“This is actually a synergy,” he said. “Relatively low rates of both of them perform a lot better than if you would just add them up on how they would kill alone. So that synergy allows lower use of rates outdoors, and a low level rate of the Bt.
Peck said the peptides are “very target-site specific. We are classified by the EPA as a biopesticide, but unlike some of the biochemical and bicromial insecticides that are out there, we have very targeted site specificity.”
In November 2018, IRAC, which sets the different modes of action, determined that Spear was going to be introduced and classified as a new IRAC group.
“This means that this product can now be used to help with insecticide resistance management because three’s not an insect out there that’s resistant to it, and it is cross-resistant to any other active ingredient that we have out there. That was when the company shifted over and moved to full commercialization. The next peptide in our pipeline we will be developing will have another IRAC group.
“What we’re seeing now is the development of a whole new kind of chemistry that is not a synthetic chemical,” Peck said. “It’s a modified biologically based component that has a very good safety profile. We like to advertise that we have the safety of the biologicals but the performance of the synthetics.”
Some pest targets
“As we move toward full commercialization we’re realizing there are some gaps in what we know about it and we’re doing a lot of field development last year and this year,” Peck said. “In the field vegetable area, we’ve gotten a lot of data that’s proven (Spear-Lep’s) performance in various systems such as diamondback moths in brassicas and collards, and other crucifers against any other kinds of lepidopteran pests out there. It’s probably very broad spectrum and can impact about every kind of lepidopteran species that might be out there if you can get good coverage of the plant surface so the pest will ingest it.”
Peck said the product “also has a very good safety profile for natural enemies because it’s only going to impact lepidopteran species’. It won’t impact parasitoids or lady bird beetles or lace wings or pollinators. It’s also a product that can be used if you’re worried about impacting natural enemies out there.”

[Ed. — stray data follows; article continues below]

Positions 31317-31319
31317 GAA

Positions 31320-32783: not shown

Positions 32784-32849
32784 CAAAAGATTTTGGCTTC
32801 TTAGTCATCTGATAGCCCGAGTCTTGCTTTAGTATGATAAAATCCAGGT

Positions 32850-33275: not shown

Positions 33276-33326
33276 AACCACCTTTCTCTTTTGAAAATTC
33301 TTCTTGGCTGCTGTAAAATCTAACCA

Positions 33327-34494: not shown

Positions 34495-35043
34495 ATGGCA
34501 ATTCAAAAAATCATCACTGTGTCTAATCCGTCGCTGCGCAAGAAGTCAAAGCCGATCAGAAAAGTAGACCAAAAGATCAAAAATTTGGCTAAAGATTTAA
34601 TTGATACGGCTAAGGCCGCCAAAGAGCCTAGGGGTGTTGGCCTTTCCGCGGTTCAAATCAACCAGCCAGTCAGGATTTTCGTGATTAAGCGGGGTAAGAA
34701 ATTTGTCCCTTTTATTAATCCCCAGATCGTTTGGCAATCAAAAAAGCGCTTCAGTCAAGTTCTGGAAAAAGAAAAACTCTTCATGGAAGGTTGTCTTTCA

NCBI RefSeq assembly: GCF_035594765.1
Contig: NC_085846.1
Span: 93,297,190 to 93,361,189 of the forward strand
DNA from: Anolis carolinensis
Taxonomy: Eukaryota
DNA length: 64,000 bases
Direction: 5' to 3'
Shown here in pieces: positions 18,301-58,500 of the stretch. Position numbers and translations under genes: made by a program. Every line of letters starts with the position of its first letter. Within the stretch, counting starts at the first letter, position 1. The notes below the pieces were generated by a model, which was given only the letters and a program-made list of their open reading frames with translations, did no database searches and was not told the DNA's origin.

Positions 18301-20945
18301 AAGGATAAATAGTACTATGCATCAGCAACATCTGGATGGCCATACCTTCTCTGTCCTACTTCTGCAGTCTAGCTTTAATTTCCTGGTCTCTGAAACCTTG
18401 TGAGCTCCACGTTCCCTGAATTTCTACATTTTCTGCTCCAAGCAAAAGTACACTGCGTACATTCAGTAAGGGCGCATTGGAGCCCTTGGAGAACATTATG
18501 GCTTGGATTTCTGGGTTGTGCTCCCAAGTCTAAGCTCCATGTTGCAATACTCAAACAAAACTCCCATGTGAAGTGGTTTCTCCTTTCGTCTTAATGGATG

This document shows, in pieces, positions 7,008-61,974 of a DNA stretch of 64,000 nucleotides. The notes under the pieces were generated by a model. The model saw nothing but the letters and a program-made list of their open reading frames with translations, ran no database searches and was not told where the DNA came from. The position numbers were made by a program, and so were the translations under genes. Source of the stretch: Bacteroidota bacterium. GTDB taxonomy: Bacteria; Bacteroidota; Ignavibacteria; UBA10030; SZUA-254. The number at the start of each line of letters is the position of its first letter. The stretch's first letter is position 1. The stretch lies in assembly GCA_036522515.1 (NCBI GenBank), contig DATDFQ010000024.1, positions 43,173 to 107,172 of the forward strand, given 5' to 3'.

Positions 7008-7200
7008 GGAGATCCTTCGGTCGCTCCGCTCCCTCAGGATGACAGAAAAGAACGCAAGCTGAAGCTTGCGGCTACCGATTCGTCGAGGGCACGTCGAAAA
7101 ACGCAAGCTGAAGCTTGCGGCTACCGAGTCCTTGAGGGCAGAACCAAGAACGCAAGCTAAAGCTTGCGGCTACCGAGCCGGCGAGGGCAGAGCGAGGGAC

“If you’re worried about resistance management – and you’re going to rotate your modes of action – this would be a product to incorporate. It’s a product that also has no residues It’s MRL (maximum residue level) exempt so the residues are not relevant so it can be sprayed right up until the time of harvest. It’s got all of the things that you’re familiar with as far as the safety features of a biological but has the versatility of a conventional.
“It’s pretty amazing what has happened in the last three years and where it’s at now,” Peck said. “It’s really something.”
“We see it improving our sustainability and land stewardship and such,” Peck said. “We know that this kind of active ingredient is really going to improve sustainable crop protection. Sustainability in that sense means putting into practice pest management techniques and approaches that are going to reduce the negative consequences of pesticide use, environmental and social economics. One way to do that is to protect from the development of pesticide resistance.”
Peck said Spear-Lep can be put into the mix and the application rotation “so this product also can increase the lifespan of some other conventional products that are very important tools. It’s a product and an approach that will help other active ingredients, as well. The other sustainability part about this is the safety profile is so good that it will just reduce the risk to humans, non-targets and to the environment.”
— Gary Pullano, VGN managing editor